STEVE INSKEEP, host: News about the Arctic ice coincides with this news from the United States: The Environmental Protection Agency has decided to postpone new rules that would limit emissions of climate-warming gases from power plants. This is the second time this month the EPA has either withdrawn or postponed new pollution rules that industry did not like. Here’s NPR’s Christopher Joyce.

CHRISTOPHER JOYCE: The EPA got itself into hot water with environmental groups early this month when it scrapped new rules to limit industrial emissions of ozone. Ozone can cause health problems. Now, the agency says it cannot make a September 30th deadline for new rules that would limit greenhouse gases that warm the climate. The U.S. Supreme Court says EPA has the authority to do that, but industry and many members of Congress have fought the plan. Some environmental groups say both decisions look as if President Obama has caved in to opponents who say the rules would hurt the economy. Another view, however, is that controlling greenhouse gases is very complex…

NYTimes:  “Greenhouse Gas Rule Delayed” 

To the surprise of almost no one, the Environmental Protection Agency confirmed on Thursday that it would not meet a Sept. 30 deadline for issuing rules governing greenhouse gas emissions from power plants and other major sources.

The agency had been under court order to present proposed rules for limiting such emissions by the end of the month but has negotiated an extension while it wrestles with the complex technical and economic issues raised by the proposal.

An E.P.A. official said that a new timetable for issuing the regulations would be forthcoming “soon.” He said that the decision to delay the proposed rule was driven by agency considerations and not by political pressure from the White House.

– NYTimes“Stung by the President on Air Quality, Environmentalists Weigh Their Options”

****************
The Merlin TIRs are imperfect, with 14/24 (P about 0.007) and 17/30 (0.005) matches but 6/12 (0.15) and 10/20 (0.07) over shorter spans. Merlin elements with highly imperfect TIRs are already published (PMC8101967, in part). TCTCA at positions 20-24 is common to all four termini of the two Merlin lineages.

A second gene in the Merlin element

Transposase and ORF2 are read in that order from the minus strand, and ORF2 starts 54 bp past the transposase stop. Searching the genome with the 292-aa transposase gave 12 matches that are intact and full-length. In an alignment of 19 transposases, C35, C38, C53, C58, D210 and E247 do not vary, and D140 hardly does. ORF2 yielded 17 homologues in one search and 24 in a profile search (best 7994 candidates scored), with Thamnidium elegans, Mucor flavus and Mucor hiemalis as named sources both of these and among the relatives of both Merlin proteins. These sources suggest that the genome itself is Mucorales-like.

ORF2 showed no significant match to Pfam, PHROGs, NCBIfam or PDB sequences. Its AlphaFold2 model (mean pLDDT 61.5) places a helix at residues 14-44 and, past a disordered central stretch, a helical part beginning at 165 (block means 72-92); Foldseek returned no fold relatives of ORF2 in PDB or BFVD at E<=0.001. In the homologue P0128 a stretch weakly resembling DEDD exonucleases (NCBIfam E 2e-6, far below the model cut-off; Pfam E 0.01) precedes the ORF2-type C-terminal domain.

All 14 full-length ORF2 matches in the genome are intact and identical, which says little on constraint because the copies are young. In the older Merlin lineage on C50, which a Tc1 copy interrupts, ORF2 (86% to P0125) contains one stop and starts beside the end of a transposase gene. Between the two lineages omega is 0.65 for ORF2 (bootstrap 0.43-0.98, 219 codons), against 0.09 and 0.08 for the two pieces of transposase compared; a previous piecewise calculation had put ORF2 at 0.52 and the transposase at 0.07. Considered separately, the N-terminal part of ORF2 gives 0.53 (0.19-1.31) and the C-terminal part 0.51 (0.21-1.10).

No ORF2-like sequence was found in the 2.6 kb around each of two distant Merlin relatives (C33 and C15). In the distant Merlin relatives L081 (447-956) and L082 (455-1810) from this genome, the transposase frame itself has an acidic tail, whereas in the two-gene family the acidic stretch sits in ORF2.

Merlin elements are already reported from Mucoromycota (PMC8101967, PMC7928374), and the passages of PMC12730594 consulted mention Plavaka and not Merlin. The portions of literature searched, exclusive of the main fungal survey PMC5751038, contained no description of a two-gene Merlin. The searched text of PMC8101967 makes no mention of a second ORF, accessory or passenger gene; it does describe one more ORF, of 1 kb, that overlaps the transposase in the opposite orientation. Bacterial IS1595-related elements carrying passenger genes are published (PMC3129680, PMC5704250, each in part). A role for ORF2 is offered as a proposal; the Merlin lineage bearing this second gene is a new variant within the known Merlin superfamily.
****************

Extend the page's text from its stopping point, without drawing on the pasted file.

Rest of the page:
For environmental groups, it was the final hard slap that brought a long-troubled relationship to the brink.

In late August, the State Department gave a crucial go-ahead on a controversial pipeline to bring tar sands oil from Canada to the Gulf Coast. Then on Friday, leading into the holiday weekend, the Obama administration announced without warning that it was walking away from stricter ozone pollution standards that it had been promising for three years and instead sticking with Bush-era standards.

John D. Walke, clean air director of the Natural Resources Defense Council, an advocacy group based in New York, likened the ozone decision to a “bomb being dropped.”

Legal Planet: “The Ozone Rule: What Sunstein Didn’t Say”

On September 2, Cass Sunstein wrote a letter to Lisa Jackson about the ozone rule, “requesting” that EPA withdraw the regulation.  Beyond the fact that it was written at all, the letter is remarkable for its significant silences…

The evasive gaps in the letter convey a clear message: the White House made a political decision, plain and simple.  Principle had nothing to do with it.

Jackson could have eliminated the need for the letter by taking the initiative in withdrawing the rule.  Instead, she apparently insisted on a public request from Sunstein to make it clear that she was complying unwillingly. That’s to her credit.